Fruit is an easy snack that packs nutrition.

Healthy Snacks for School-Age Children

by David Coodin

Giving snacks to your kids isn't as simple as it used to be. Before research on trans fats and sodium levels, cookies and chips seemed like a fine after-school or daytime snack. With childhood obesity and diabetes at elevated levels, finding healthy snacks for your kids that also taste good is a challenge. With a bit of effort and creativity, put together nutritious snacks that your kids will love, while helping them harness the energy they need to get through the school day.

Healthy Muffins

Store-bought muffins might disguise themselves as healthy, but more often than not they are packed with refined sugars, fat and sodium. Make a healthy alternative at home by using whole-wheat flour and muesli or oatmeal. Leave out the refined sugar and sweeten with maple syrup. Better yet, pack muffins with bits of fruit to give them flavor. Peach, pear or apple are all delicious flavors for muffins. Make carrot and cinnamon versions, or include any kind of berry in bite-size muffins.

Popcorn and Snack Foods

Like so many snacks, popcorn gets a bad rap because store-bought varieties are often high in sodium and fats. Homemade popcorn is quite healthy if you leave off the butter and heavy salt seasoning. Instead, flavor popcorn with Parmesan cheese, a salad dressing mix, or with spices such as garlic powder, chili powder or cumin. Even plain popcorn is a treat once your kids gets used to it. Other healthy snack alternatives include whole-grain crackers, pumpkin seeds, nuts and grains. Make your own trail mix with nuts, seeds and dried fruit or raisins.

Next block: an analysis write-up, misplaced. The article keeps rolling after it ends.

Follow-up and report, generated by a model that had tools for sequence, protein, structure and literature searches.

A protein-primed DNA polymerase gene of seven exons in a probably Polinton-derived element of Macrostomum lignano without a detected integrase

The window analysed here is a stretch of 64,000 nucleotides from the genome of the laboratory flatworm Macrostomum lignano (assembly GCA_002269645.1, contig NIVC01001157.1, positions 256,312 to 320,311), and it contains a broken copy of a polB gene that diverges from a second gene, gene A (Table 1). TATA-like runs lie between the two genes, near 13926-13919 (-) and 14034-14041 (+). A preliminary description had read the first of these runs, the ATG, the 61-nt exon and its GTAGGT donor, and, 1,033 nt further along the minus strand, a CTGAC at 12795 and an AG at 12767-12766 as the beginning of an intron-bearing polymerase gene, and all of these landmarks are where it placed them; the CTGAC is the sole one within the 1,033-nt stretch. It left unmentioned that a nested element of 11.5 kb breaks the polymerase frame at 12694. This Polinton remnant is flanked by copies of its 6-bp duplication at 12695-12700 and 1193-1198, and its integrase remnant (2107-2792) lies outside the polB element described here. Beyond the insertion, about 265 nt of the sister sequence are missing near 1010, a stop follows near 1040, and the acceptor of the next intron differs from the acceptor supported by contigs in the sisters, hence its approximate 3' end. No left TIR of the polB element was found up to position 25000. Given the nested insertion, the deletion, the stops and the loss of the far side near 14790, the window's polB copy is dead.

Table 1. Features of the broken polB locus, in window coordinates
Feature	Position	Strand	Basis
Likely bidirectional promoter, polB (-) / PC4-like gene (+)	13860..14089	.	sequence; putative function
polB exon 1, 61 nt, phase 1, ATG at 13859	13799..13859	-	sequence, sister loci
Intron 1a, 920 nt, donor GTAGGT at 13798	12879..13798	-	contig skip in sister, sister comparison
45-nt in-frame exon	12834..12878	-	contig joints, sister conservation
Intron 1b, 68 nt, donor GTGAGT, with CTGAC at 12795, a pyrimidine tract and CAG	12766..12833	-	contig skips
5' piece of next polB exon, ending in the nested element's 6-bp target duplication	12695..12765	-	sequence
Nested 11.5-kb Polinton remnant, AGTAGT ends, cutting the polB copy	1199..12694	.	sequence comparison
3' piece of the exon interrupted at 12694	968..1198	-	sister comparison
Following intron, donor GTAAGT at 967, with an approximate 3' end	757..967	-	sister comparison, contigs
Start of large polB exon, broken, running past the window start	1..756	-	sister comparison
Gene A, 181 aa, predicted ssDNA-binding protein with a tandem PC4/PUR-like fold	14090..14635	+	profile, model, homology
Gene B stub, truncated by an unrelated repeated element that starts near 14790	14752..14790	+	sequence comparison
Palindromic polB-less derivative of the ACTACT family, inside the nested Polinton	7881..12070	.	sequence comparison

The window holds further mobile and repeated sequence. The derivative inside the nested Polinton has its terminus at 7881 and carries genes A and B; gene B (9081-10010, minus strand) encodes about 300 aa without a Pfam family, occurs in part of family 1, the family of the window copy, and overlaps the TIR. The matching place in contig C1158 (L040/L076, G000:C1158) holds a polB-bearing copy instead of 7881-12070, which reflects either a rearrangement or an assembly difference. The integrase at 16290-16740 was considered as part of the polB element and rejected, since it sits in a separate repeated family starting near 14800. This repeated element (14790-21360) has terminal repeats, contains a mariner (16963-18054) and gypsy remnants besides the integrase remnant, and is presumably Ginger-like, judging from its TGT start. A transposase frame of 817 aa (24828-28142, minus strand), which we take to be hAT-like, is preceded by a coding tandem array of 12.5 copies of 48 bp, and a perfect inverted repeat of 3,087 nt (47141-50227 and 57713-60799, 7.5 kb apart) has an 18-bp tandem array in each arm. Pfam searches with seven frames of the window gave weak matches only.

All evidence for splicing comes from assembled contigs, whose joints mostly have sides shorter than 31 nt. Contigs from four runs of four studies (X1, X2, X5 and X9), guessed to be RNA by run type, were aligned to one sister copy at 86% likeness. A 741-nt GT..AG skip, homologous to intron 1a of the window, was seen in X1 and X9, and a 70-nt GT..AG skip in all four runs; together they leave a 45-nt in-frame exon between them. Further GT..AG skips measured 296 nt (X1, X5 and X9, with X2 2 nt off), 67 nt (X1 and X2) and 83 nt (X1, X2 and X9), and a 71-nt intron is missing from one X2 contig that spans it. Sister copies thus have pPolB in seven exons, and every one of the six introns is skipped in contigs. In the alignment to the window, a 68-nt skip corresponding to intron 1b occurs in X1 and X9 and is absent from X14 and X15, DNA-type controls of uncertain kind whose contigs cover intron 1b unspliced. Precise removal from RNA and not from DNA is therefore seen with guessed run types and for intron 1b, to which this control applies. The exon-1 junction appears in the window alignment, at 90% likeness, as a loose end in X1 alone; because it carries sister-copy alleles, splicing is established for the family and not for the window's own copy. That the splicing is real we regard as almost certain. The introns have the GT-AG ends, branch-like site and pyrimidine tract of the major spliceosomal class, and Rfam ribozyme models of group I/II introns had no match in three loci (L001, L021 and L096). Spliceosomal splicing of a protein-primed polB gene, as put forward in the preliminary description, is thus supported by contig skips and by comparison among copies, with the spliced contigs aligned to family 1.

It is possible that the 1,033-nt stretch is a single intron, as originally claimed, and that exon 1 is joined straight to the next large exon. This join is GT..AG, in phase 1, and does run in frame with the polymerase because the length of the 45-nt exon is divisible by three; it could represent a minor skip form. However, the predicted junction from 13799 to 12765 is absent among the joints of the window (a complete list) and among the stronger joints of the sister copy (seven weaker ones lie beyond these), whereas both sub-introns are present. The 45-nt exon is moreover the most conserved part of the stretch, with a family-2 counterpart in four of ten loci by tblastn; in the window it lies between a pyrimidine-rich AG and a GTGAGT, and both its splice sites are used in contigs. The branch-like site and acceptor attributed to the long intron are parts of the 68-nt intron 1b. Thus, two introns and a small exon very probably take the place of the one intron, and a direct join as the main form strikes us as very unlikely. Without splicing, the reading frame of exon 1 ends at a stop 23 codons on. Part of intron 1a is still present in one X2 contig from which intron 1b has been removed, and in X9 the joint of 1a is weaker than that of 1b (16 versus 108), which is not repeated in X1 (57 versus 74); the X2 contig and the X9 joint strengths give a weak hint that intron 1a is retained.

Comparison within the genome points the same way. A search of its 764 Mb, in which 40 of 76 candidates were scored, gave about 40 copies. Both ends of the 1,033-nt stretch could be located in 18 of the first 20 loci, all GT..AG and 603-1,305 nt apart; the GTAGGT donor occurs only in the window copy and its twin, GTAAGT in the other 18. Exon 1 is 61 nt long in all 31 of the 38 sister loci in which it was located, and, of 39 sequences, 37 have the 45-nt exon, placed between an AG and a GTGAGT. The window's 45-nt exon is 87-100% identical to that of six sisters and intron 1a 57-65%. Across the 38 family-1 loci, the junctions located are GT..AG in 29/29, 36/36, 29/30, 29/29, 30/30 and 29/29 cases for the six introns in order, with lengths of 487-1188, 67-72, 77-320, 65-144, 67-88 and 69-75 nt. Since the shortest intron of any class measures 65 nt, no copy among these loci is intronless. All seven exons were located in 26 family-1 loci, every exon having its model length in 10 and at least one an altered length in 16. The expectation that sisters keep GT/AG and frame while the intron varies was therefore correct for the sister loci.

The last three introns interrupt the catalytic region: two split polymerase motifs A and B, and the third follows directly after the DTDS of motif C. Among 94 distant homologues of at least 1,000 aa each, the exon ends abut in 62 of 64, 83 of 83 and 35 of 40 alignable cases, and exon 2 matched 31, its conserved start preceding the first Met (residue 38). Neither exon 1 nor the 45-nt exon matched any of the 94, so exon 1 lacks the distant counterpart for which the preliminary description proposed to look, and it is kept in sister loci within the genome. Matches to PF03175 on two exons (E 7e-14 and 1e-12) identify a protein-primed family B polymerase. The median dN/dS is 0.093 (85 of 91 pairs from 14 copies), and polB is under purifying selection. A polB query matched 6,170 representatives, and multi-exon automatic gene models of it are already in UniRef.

Fun with Vegetables

Veggies are a classic healthy snack, but kids sometimes balk at them. Spruce them up by serving them sliced into dipping sticks with hummus or salad dressing as a dip. Make "ants on a log" by spreading peanut butter or another nut butter on a celery stick and topping with raisins. Use leftover veggies to make a quick snack wrap. Roll them up in a whole-wheat tortilla with low-fat cream cheese, and serve them whole or sliced for pinwheel snacks.


Instead of buying prepackaged flavored yogurt, make your own by adding berries to plain yogurt. Make a delicious yogurt smoothie as an afternoon summertime snack. Simply put yogurt in a food processor with low-fat milk or soy substitute, and whatever fruit you and your kids choose. Mix and serve. Use low-fat cottage cheese as an alternative snack to yogurt. Serve with cinnamon or maple syrup.

About the Author

David Coodin began working as a writer in 2005, and has been published in "The Walrus." He contributes to various websites, writing primarily in the areas of education and art. Coodin holds a Ph.D. in English literature from York University in Toronto.

Photo Credits

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